Europe, and India. The European serpent eagle is
        Circaetus Gallicus.
  
     Serpent eater. (Zool.)
        (a) The secretary bird.
        (b) An Asiatic antelope; the markhoor.
  
     Serpent+fish+(Zool.),+a+fish+({Cepola+rubescens">Serpent fish (Zool.), a fish ({Cepola rubescens) with a
        long, thin, compressed body, and a band of red running
        lengthwise.
  
     Serpent star (Zool.), an ophiuran; a brittle star.
  
     Serpent's tongue (Paleon.), the fossil tooth of a shark; --
        so called from its resemblance to a tongue with its root.
        
  
     Serpent withe (Bot.), a West Indian climbing plant
        ({Aristolochia odoratissima).
  
     Tree serpent (Zool.), any species of African serpents
        belonging to the family Dendrophidae.
        [1913 Webster]

From The Collaborative International Dictionary of English v.0.48 :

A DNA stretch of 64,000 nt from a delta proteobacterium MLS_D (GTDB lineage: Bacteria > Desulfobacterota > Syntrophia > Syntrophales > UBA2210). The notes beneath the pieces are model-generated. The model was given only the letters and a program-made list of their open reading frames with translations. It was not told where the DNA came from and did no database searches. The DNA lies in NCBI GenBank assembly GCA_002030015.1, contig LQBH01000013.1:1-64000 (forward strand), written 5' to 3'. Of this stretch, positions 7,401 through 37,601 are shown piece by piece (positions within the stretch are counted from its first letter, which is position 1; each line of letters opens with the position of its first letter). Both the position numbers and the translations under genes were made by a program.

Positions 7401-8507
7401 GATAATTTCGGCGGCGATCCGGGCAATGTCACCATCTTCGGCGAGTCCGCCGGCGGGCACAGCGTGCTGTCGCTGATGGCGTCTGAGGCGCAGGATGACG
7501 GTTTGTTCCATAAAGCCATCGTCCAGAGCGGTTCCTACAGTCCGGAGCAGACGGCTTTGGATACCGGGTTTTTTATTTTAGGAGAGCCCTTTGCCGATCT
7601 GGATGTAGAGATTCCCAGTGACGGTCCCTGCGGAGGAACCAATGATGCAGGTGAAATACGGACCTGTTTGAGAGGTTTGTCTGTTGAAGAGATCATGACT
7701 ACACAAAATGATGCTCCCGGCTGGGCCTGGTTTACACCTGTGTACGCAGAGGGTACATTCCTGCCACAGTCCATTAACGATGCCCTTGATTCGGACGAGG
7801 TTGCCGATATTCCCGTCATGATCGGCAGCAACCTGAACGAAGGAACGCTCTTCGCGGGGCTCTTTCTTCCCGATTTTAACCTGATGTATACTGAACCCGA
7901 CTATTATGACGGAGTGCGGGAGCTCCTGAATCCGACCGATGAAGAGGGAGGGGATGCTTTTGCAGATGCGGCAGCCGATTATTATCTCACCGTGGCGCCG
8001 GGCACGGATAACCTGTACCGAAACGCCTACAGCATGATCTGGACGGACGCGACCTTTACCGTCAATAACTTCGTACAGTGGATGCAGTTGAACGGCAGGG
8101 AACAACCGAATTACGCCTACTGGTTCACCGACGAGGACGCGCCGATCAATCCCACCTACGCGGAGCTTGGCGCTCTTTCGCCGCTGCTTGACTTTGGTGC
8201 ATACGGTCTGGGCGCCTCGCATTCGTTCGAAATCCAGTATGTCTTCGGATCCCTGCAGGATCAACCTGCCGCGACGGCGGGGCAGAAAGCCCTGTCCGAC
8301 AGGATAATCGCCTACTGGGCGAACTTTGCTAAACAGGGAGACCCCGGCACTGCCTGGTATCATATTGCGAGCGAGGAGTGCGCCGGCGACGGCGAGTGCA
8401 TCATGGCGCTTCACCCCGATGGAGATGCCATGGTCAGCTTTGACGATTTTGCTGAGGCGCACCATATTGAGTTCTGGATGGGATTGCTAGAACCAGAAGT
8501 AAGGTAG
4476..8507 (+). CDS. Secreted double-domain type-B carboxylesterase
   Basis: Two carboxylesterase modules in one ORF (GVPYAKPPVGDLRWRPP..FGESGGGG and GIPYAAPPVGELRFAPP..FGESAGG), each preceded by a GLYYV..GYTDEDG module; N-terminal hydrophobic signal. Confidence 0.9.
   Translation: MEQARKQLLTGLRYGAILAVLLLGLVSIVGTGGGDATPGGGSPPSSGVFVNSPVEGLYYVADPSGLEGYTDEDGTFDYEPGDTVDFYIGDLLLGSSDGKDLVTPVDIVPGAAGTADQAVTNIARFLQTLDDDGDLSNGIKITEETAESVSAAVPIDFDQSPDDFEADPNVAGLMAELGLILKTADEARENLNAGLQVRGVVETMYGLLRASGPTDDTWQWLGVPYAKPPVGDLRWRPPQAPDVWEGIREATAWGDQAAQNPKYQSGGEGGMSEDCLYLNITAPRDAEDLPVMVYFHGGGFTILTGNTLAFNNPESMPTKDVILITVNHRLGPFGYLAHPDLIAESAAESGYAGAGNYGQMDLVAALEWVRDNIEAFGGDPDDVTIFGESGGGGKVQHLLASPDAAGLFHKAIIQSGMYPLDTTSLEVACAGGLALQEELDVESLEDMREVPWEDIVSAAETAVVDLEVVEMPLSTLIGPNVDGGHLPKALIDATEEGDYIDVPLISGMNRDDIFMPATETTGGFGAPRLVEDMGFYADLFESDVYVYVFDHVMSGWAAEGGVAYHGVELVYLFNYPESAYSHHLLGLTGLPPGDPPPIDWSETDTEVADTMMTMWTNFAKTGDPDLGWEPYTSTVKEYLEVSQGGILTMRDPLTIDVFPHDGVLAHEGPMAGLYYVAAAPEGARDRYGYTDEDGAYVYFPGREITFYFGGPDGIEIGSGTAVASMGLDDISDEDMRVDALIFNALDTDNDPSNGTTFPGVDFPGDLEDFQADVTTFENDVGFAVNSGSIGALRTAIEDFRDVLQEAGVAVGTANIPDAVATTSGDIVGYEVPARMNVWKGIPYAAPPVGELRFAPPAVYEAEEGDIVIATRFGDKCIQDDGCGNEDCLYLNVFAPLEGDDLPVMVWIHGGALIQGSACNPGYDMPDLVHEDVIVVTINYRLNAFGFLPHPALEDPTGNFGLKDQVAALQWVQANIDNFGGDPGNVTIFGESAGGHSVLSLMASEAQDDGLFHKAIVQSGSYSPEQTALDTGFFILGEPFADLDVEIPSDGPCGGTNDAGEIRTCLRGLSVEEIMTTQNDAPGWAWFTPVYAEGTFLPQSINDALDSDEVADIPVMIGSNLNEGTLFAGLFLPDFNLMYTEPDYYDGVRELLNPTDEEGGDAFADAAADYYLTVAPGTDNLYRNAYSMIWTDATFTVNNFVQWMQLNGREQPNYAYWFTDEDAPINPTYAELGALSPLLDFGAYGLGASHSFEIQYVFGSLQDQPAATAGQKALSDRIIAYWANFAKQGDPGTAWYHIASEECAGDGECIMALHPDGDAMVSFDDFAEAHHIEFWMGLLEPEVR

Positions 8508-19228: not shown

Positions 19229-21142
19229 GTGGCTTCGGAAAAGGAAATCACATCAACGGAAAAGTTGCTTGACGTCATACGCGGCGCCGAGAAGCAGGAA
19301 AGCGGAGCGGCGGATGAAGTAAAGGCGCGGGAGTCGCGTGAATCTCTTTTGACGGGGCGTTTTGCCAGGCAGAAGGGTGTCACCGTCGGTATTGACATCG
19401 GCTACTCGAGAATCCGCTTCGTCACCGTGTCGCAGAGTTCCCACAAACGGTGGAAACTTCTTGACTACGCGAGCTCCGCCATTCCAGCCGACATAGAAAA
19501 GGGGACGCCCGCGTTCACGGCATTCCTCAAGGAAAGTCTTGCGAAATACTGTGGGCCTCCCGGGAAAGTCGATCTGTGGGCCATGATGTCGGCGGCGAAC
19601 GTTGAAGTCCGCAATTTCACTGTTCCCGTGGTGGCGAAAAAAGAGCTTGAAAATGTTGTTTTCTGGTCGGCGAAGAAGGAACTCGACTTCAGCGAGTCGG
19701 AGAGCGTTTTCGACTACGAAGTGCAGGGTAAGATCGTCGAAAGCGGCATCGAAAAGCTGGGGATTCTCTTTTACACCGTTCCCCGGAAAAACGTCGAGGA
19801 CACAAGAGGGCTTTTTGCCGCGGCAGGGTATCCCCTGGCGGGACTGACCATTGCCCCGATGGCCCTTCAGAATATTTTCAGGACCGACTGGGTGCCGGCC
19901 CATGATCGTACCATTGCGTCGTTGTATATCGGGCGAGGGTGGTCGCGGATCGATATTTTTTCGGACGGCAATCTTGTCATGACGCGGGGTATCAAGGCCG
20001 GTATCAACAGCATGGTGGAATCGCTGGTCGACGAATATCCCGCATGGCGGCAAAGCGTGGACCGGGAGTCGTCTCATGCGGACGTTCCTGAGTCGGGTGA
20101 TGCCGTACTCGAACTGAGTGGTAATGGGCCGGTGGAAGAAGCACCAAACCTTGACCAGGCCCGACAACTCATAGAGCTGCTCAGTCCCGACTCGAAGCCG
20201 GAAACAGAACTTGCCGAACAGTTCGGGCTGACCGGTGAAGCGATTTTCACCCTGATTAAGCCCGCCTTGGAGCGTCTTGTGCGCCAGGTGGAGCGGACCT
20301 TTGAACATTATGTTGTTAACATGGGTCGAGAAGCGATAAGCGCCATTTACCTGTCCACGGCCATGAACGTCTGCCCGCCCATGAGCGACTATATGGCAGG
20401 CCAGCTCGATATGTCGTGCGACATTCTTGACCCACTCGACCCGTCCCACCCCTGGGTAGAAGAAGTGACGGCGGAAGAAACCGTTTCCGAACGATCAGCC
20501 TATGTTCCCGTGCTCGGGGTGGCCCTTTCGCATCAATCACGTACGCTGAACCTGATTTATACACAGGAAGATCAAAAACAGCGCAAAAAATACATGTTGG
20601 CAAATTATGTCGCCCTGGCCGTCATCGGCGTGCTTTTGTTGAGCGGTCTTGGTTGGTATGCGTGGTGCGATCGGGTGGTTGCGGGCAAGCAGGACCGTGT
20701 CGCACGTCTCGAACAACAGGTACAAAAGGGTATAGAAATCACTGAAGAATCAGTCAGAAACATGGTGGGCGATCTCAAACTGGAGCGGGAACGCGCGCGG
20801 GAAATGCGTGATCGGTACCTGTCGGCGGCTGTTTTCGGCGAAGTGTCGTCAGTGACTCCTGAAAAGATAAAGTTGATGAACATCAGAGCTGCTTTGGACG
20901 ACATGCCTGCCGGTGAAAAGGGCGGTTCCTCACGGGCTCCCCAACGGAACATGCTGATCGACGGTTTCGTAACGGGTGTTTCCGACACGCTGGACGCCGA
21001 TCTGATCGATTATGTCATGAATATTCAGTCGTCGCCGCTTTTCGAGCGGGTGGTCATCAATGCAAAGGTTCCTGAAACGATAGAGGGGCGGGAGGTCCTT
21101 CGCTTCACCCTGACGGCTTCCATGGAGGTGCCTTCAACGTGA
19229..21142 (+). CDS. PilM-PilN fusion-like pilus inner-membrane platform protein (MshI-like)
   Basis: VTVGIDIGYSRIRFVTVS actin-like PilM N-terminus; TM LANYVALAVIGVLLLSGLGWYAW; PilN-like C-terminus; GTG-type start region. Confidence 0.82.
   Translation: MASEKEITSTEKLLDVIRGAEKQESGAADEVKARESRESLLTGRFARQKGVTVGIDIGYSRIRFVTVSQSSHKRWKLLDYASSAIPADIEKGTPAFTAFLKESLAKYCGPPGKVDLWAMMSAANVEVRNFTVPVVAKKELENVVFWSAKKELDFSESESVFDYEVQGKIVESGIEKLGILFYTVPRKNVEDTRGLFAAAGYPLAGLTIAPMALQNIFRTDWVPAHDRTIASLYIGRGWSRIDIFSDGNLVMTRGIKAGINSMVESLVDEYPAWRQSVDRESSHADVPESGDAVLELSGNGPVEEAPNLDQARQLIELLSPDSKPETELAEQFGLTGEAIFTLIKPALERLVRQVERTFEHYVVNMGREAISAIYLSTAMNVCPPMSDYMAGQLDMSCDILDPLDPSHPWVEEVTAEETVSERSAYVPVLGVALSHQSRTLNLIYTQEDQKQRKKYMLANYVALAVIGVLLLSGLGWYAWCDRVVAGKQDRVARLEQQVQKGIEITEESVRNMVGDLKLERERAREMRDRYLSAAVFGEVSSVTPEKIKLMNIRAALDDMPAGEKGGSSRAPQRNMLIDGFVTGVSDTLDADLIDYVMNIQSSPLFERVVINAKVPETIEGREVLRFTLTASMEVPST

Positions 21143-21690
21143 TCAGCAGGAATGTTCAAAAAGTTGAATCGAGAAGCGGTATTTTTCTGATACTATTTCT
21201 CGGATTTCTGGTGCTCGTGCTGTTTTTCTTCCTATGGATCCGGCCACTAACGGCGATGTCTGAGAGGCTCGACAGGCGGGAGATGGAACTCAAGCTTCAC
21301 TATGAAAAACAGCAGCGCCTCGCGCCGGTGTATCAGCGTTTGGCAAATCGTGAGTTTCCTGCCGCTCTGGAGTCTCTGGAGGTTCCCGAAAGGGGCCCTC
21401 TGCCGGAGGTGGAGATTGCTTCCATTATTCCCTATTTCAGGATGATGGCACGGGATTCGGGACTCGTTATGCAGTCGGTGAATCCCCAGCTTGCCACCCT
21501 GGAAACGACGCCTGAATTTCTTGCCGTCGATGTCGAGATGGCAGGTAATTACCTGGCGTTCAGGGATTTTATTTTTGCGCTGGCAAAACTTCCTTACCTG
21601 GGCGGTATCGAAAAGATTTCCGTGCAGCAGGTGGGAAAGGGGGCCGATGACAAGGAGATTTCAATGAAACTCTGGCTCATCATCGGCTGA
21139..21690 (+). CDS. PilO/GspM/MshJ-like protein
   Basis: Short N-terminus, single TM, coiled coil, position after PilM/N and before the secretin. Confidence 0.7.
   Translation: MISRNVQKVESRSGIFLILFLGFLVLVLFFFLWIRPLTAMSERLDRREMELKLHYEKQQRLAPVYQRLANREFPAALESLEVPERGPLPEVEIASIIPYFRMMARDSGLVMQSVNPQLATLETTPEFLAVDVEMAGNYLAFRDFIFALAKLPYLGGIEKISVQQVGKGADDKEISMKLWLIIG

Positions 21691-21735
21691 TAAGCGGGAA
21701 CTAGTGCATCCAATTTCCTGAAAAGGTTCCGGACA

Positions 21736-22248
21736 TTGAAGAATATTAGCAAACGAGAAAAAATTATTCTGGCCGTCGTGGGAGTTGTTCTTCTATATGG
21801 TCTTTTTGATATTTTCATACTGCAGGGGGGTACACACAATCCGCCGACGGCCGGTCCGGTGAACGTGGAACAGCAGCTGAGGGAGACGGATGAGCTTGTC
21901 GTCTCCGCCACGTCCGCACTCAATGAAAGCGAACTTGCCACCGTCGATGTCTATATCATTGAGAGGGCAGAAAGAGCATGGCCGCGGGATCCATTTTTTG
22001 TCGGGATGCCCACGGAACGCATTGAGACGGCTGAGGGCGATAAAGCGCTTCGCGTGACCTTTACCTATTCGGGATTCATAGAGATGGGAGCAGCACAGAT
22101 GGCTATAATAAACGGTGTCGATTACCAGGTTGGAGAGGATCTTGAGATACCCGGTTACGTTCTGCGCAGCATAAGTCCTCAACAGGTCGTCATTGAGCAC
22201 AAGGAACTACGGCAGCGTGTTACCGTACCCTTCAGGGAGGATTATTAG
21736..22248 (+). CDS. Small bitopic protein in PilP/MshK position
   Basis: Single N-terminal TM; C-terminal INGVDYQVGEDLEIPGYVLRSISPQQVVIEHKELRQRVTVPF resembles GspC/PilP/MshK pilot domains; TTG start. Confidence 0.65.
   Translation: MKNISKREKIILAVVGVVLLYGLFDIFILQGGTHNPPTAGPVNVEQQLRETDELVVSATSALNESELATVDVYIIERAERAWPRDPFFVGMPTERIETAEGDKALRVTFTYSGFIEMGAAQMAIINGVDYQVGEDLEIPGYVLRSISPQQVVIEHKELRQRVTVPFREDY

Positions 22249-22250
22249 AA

Serpent \Ser"pent\, v. i. [imp. & p. p. Serpented; p. pr. &
     vb. n. Serpenting.]
     To wind like a serpent; to crook about; to meander. [R.] "The
     serpenting of the Thames." --Evelyn.
     [1913 Webster]

From The Collaborative International Dictionary of English v.0.48 :

  Serpent \Ser"pent\, v. t.
     To wind; to encircle. [R.] --Evelyn.
     [1913 Webster]

From WordNet (r) 3.0 (2006) :

  serpent
      n 1: limbless scaly elongate reptile; some are venomous [syn:
           snake, serpent, ophidian]
      2: a firework that moves in serpentine manner when ignited
      3: an obsolete bass cornet; resembles a snake

From Moby Thesaurus II by Grady Ward, 1.0 :

  101 Moby Thesaurus words for "serpent":
     Apollyon, Beelzebub, Benedict Arnold, Brutus, Judas,
     Judas Iscariot, Lucifer, Old Nick, Old Scratch, Quisling, Satan,
     alpenhorn, alphorn, althorn, alto horn, animal, archtraitor,
     ballad horn, baritone, bass horn, beast, betrayer, brass choir,
     brass wind, brass-wind instrument, brasses, bugle, bugle horn,
     clarion, cockatrice, conniver, conspirator, conspirer, cornet,
     cornet-a-pistons, corno di caccia, cornopean, cur, diablo, dog,
     double agent, double-bell euphonium, double-crosser, double-dealer,